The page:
One day I explained to Gale the difficulty in attracting a neonatologist to direct our NICU. What I did not know was that Gale was a friend of a neonatologist who attended his church and who was stationed at David Grant Medical Center. This highly qualified physician would be leaving the Air Force in a year’s time. Once Gale got him interested in ICH’s NICU development, we were able to recruit him as medical director. To this day, the NICU is consistently highly rated for the quality of its care.

Soon we recognized ICH had grown beyond being just a hospital. With the opening of the hospital in Vacaville, we needed to consider reorganization. Gale was very interested, but as usual, it met with some resistance from some quarters. He helped guide a yearlong process with the board, resulting in a holding company being formed to oversee operation of three subsidiary organizations. Again, without his support and leadership, this never would have been possible.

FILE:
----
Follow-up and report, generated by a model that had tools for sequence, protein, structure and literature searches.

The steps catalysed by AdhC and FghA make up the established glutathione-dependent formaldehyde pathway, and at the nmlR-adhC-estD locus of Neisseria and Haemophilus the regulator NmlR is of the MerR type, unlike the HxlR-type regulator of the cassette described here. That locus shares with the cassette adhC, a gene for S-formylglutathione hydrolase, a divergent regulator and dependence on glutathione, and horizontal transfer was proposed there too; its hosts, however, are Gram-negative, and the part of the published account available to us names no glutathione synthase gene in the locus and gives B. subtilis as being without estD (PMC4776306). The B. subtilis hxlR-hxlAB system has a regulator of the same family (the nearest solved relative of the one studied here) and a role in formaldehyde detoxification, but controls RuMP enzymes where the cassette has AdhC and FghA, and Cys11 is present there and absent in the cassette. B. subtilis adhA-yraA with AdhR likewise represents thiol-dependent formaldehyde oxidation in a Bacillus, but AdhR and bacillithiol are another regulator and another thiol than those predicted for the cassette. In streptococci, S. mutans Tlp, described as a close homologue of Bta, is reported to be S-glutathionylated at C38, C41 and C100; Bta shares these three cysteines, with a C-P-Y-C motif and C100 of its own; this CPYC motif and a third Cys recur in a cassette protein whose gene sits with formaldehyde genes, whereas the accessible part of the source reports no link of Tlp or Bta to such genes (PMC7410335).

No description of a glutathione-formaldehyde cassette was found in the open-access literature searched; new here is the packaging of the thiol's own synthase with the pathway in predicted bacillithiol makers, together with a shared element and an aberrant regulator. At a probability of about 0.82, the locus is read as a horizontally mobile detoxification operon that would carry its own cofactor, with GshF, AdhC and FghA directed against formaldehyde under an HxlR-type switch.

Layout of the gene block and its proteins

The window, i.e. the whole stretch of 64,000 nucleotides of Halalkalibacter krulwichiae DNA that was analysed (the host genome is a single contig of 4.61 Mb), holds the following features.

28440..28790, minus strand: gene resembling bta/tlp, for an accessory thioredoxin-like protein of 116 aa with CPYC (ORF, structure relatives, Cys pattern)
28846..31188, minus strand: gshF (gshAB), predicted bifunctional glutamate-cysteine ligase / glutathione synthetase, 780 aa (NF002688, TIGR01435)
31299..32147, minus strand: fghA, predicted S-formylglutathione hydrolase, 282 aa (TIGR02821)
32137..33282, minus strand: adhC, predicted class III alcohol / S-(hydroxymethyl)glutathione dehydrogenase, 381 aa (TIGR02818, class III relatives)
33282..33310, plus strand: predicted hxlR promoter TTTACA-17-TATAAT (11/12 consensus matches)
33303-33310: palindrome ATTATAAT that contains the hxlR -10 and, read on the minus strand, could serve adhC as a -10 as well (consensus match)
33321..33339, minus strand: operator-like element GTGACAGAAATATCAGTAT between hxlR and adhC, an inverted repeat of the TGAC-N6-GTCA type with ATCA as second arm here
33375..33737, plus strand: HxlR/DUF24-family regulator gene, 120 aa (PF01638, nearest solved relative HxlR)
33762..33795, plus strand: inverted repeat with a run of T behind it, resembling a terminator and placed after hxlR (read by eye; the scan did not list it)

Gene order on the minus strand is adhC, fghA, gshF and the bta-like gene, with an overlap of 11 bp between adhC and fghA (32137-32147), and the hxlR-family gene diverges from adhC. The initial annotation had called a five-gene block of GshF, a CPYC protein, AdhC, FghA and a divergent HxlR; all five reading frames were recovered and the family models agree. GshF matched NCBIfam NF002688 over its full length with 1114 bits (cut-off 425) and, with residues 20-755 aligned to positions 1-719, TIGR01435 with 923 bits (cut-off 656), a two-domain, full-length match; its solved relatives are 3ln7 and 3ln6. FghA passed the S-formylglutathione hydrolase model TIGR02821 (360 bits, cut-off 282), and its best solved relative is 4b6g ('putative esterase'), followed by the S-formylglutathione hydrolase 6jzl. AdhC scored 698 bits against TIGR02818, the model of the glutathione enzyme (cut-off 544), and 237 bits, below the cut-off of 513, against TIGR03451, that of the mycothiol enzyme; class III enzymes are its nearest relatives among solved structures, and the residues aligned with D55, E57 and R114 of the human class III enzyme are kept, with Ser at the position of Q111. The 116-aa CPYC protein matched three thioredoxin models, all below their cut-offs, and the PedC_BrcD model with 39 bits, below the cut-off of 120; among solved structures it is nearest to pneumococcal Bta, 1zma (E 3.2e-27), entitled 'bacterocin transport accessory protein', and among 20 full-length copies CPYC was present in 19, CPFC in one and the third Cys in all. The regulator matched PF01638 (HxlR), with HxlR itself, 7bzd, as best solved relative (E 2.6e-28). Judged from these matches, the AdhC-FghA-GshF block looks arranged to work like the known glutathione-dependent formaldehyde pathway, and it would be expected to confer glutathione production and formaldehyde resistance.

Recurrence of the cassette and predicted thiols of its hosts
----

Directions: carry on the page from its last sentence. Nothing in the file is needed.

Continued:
During the nine years I was blessed with Gale as board chair, we completely modernized the operations of ICH, opened a second hospital, started the process of bringing specialized hospital services to Solano County, improved the financial underpinnings of the organization, built two medical office buildings, started a hospice program and completed a corporate reorganization. That is what happens when you have leadership at the board level.

I well remember the day I learned Gale would be leaving his city manager position, and therefore his board membership, to become a missionary for his church. One day when I was between planes at the Dallas-Fort Worth Airport, I heard: “Mr. Gary Passama, you have a message at the red courtesy phone.”

At first I didn’t believe they were saying my name. But then it repeated. With trepidation I found a courtesy phone. Somehow, Gale had tracked me down and wanted to let me know that later that day it would be announced he would be leaving his position with the city. He did not want me to be surprised.